Citizens’ Groups Welcome the European Parliament's Response to UK Government’s proposal on Citizens’ Rights
In recent articles published in Europe and the UK, Guy Verhofstadt and other key EU figures have described Theresa May's offer on citizens' rights as "a damp squib". In the EU's strongest condemnation of May's "fair and serious" offer to date, Verhofstadt said it fell far short of their ambitions to put citizens first, and that differences between the UK and EU proposals were "striking". Elaborating, he stated that a Brexit deal would not be approved if no more was offered to protect the rights of all EU citizens. Verhofstadt also criticised May's offer by saying "it would cast a dark cloud of vagueness and uncertainty over the lives of millions of Europeans".
British in Europe recently released a policy paper jointly with the 3Million. The policy paper was published as a direct result of Theresa May's offer, and highlighted where May's proposal fell short. ( http://www.bremaininspain.com/news/safeguarding-position-eu-citizens-living-uk-uk-nationals/ ).
The policy paper received considerable publicity, was well received in Europe and was circulated to members of both Houses of Parliament in the UK. It was mentioned directly in the House of Lords debate last week on 'Brexit - Acquired Rights', where Viscount Waverley and Baroness Ludford quoted from it extensively.
The chairperson of British in Europe, lawyer Jane Golding, said: "The European Parliament's statement is a clear indication of how seriously it takes the rights of UK citizens living in Europe and confirms its members' intention to 'put citizens first'."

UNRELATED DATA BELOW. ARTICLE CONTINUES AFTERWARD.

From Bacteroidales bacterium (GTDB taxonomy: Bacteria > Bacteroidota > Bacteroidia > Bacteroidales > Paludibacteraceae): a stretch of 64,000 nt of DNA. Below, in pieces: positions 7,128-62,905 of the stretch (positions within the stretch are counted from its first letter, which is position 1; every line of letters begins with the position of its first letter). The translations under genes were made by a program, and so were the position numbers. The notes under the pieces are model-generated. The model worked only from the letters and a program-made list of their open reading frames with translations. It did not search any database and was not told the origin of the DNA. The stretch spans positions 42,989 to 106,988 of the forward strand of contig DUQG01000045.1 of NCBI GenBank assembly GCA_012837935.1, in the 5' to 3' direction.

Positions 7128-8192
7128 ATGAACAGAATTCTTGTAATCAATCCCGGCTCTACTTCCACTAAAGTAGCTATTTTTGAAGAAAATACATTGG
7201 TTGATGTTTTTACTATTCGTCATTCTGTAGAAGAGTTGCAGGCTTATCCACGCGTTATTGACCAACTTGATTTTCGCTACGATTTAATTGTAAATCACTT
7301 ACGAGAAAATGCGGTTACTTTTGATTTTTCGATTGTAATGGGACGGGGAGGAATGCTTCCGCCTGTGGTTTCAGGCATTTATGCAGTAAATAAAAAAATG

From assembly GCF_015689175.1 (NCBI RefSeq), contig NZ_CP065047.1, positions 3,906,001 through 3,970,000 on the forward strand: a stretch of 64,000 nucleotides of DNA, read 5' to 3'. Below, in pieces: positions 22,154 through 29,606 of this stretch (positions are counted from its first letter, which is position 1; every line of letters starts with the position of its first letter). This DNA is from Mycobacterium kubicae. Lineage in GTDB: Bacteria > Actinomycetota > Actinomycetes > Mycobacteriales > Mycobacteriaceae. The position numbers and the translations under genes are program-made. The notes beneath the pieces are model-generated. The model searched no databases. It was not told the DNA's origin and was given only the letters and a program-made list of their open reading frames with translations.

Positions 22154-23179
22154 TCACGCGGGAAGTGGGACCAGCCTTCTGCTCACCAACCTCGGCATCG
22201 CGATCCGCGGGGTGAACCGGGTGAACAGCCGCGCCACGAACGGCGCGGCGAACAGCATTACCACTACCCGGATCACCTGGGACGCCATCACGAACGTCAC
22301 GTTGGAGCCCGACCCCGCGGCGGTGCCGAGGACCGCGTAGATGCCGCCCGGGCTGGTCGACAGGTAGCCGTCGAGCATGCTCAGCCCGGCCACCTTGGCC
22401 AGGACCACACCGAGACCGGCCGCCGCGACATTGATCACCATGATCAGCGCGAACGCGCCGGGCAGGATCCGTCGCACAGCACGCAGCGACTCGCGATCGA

Nicolas Hatton, co-chair of the3million, said: "EU citizens in the UK will appreciate that MEPs are standing up for our rights while the current British government has decided to play politics with our lives. The3million urges the government to show the kind of pragmatism for which Brits are celebrated world-wide and to offer the same level of protection that the EU has offered."
Golding continued: "The EU proposal is the starting point and we appeal to both sides not to stoop to a lower negotiating position. Any UK offer must confirm the existing and acquired rights of EU citizens living in the UK, rather than its current offer of a status less favourable than they have now, effectively giving them third country citizen status under UK law. We support the European Parliament's position that citizens' rights are a red line. No country's citizens should be affected retrospectively by Brexit."
Sue Wilson, Chair of Bremain in Spain, added: "When we hear the EU expressing concerns for our welfare, and a real understanding of the fear and uncertainty that we face, it is reassuring. In contrast, when we hear May talking about degrading the rights of EU citizens in the UK, it fuels our fears and confirms that we are still being treated as bargaining chips. May seems intent on treating EU citizens, who are making their lives in the UK, as second-class citizens. Not only that, she seems to want to do it retrospectively. The final insult for Brits living in the EU is that, clearly, she would not have a problem were we to be treated the same way. In fact, we barely receive a mention in her proposal. If the treatment we've received thus far from the UK government isn't a compelling argument for our rights and freedoms being protected by the European Court of Justice, then I don't know what is."
She concludes: "There's little faith on this side of the Channel - i.e. from those of us based in the EU - that May has the will or the skill, to protect us. Just as well that we trust Barnier, Verhofstadt and the EU to keep their promises and to put citizens first."
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